JAZZ

LIVE at the Eldorado with Milton Hopkins and Jewel Brown and Texas Historical Marker Dedication

The Eldorado Ballroom embodied the spirit of Houston’s African American community and left an indelible mark on its history. That legacy will be recognized this weekend with a two-day concert series, a community market, and the unveiling of the Eldorado’s official Texas Historical Marker.The weekend’s festivities begin with a ticketed concert, “LIVE at the Eldorado with Milton Hopkins and Jewel Brown” at 7 p.m. on Friday, May 2. The celebration continues at 1 p.m. on Saturday with the historical marker dedication ceremony, and a free concert in Dupree Park on 2500 Francis St. featuring performances by DJ SoulOneFlo-Motion Houston, and The Hue. The Eldorado Parking lot will play host to a fleet of candy-colored Houston Slabs. See our full story here

LIVE at the Eldorado with Milton Hopkins and Jewel Brown. May 2 7–midnight. $30–50. 2310 Elgin St.

Texas Historical Marker Dedication at the Eldorado Ballroom. May 3 1–2. Free. 2310 Elgin St.

Dupree Park Concert & Third Ward Community Market. May 3 2–5. Free. 2500 Francis St. projectrowhouses.org 

Dance

Karen Sherman: One With Others

Karen Sherman, One with Others.

Image: Carrie Wood

Performance artist and choreographer Karen Sherman explores the ever-changing process of building one’s life in this new multimedia dance installation presented by DiverseWorks at The Barn. The dance utilizes spare wood and hardware that function as part costume, part sculpture. The tangibility of these objects appealed to Sherman, especially considering the ephemeral nature of choreography. “I like to build things and find that the tactile nature of objects is a relief from the abstractions of dance-making,” she says. “It's a kind of respite to deal with physical things that stay static, that are as you left them when you come back the next day, since in dance you have to start over every day, to be enacting movement in order for it to exist.”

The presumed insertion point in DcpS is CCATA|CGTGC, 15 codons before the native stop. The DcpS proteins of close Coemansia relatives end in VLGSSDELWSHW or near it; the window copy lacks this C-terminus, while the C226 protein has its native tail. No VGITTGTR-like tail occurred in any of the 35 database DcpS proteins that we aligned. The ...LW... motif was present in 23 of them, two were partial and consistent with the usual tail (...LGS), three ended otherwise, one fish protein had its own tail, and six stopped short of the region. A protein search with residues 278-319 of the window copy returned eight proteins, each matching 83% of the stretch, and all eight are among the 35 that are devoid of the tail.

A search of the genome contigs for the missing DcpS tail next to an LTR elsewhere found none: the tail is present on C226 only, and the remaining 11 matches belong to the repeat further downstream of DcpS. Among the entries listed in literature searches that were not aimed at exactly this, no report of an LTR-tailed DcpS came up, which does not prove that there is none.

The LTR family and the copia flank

May 2 & 3 at 7:30. $15; $10 students & seniors. The Barn, 2201 Preston St. 713-223-8346. diverseworks.or

Classical

Late Style Now

The final installment of Da Camera’s season-long exploration of composers entering the twilight of their careers features three Houston premieres—by John Adams, Louis Andriessen, and minimalist master Steve Reich, whose Radio Rewrite was inspired by the music of Radiohead. The pieces will be performed by the International Contemporary Ensemble, called “one of the most accomplished and adventurous groups in new music” by the New York Times

May 2 at 8. $28–55. Cullen Theater, Wortham Theater Center, 501 Texas Ave. 713-524-7601. dacamera.com

Visual Art

The Inner Marilyn

Marilyn Monroe spent many years in psychoanalysis, so this exhibition isn’t as odd a choice for the Jung Center as it seems (although Monroe’s analysts were mostly—quelle horreur!— Freudians, and she even received treatment from Freud’s daughter Anna). On display throughout the month is a treasure trove of Monroe artifacts from the “Babydoll Museum,” the private collection of Houston philanthropist Marie Taylor Bosarge. Accompanying the exhibition is a film screening of The Misfits (May 1), a lecture on “The Wounded Feminine” (May 9), and a workshop entitled “How We Can Empower the Feminine” (May 10).

May 2–June 10. Free. Jung Center, 5200 Montrose Blvd. 713-524-8253. junghouston.org 

festival

MenilFest

Now in its sixth year, MenilFest brings together the region’s visual, literary, and performing arts communities in a one-day festival of art, music, and literature—both written and spoken. Events range from panels on food writing, hosted by the UH literary journal Gulf Coast, to a print sale at the Houston Center for Photography and kids’ art activities presented by the Orange Show Center for Visionary Art. Look for students in the Writers in the School program to perform at the entrance to The Menil Collection, and end your day at Lowbrow for an after-party featuring a program of short films by SWAMP, the Southwest Alternate Media Project.

May 3 11–6. Free to the public. The Menil Collection, 1533 Sul Ross St. 713-525-9400. menilfest.com